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CQC places Priory Avenue GP Practice into Special Measures

22 January 2015
Priory Avenue Surgery
Specialist Health Services Ltd
  • Media

England’s Chief Inspector of General Practice has placed a Reading GP practice into special measures following an inspection by the Care Quality Commission.

A specialist team of inspectors has rated the service provided by Priory Avenue Surgery in Caversham as Inadequate for being safe, effective and well-led, and Requires Improvement to be caring and responsive. The practice has been given an overall rating of Inadequate.

Before the inspection North and West Reading Clinical Commissioning Group had notified CQC of significant concerns around the leadership of the practice which might affect the care of patients. Since then the CCG and NHS England have been working closely with the provider and the Care Quality Commission to ensure that services to patients are safe and effective.

The Priory Avenue surgery was inspected in November by a CQC team which included a specialist inspector, two GP advisors, a practice manager and a practice nurse. A full report of this inspection has been published today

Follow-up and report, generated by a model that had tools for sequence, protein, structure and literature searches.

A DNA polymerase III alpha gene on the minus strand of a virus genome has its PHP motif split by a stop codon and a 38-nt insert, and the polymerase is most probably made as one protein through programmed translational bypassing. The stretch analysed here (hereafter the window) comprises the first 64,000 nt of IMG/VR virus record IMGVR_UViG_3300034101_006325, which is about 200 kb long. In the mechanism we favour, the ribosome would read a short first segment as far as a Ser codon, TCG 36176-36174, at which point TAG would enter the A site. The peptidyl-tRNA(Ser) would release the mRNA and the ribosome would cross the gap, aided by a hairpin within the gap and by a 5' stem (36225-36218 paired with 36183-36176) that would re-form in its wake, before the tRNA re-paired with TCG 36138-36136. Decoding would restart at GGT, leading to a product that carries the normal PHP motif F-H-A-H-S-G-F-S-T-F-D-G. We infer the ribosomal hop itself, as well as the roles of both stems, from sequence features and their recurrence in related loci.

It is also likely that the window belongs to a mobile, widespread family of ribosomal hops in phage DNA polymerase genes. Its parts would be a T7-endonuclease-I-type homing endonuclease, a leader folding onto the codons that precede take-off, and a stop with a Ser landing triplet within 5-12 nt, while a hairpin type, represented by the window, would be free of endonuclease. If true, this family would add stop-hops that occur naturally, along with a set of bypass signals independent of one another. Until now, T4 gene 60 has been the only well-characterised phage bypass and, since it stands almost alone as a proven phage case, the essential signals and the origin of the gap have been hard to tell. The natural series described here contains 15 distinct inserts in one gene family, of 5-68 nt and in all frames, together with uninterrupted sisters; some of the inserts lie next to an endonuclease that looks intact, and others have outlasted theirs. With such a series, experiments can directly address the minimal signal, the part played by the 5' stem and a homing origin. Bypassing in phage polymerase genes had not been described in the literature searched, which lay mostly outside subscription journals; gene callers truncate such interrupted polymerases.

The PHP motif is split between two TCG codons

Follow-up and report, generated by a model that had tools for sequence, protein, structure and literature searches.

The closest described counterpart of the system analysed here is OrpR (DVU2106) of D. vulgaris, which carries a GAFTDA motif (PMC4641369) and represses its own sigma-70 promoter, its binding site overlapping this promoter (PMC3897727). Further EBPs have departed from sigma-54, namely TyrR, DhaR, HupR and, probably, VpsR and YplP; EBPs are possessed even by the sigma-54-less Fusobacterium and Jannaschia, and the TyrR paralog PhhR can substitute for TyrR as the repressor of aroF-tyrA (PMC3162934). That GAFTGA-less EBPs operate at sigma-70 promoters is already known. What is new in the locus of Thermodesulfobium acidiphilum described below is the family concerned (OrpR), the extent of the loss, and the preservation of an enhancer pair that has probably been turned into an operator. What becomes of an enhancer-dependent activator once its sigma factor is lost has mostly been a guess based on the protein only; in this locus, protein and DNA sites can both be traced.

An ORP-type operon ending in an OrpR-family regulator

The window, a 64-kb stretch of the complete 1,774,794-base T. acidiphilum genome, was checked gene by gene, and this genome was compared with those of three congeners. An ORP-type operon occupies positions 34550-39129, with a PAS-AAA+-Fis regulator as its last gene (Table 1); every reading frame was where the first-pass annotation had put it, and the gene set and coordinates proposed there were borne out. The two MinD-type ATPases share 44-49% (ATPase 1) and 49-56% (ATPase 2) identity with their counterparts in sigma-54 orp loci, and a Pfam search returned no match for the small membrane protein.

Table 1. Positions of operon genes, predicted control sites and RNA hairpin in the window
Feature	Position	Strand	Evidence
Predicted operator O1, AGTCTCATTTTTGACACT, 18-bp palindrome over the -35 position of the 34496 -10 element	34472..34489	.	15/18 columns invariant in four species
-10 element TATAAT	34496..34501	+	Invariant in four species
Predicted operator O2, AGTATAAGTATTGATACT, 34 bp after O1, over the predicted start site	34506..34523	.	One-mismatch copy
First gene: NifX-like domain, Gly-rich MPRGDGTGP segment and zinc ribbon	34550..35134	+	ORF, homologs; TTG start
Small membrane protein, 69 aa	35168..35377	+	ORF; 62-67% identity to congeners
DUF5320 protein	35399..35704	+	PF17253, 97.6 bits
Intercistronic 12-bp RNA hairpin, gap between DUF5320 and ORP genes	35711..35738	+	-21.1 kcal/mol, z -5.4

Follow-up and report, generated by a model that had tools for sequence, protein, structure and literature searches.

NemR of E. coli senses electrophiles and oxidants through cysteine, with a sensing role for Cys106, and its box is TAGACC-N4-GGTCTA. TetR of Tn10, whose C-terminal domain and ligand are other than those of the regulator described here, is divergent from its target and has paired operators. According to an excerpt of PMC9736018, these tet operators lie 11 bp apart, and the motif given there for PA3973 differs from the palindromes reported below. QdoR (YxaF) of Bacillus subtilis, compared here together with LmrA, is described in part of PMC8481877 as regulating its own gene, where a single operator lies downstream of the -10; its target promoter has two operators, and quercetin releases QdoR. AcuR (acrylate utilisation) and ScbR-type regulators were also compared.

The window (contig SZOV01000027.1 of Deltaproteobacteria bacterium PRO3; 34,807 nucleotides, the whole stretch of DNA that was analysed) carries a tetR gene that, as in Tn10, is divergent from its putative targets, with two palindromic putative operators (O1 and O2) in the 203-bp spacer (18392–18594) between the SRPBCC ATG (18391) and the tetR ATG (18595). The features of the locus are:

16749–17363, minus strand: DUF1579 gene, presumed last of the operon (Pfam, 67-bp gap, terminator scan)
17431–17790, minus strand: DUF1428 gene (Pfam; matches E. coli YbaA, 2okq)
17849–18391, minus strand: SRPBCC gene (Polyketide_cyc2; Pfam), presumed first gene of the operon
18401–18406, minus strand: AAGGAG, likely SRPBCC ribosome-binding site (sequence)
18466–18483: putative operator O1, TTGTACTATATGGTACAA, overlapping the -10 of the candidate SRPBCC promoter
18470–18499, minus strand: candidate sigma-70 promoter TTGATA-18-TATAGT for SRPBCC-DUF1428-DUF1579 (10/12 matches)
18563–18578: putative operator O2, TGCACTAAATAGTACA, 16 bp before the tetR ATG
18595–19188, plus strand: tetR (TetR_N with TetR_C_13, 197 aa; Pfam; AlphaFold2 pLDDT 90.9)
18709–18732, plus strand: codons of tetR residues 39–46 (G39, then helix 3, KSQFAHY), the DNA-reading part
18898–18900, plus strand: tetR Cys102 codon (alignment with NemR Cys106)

At the time of the inspection the practice had been going through significant staffing changes, with a series of resignations causing disruption for several months.

Although patients said they could usually get an urgent appointment, some reported considerable difficulty in accessing a named GP, or seeing the same doctor on subsequent appointments.

Inspectors found that there had not always been enough clinical staff to support the practice population, especially if a GP was off sick, when many appointments had to be rescheduled or cancelled.

Patient records were not up to date with recent test results or discharge information from hospital, suggesting that people may not have been receiving appropriate follow up treatment or care.

The Care Quality Commission has identified 14 areas for improvement, including:

  • The practice must take immediate action to address current staffing issues to ensure safe minimum levels are reached.
  • Clinical leadership and management must be provided for all staff.
  • The practice must develop and implement a system to regularly identify risks and improve quality in relation to patient safety.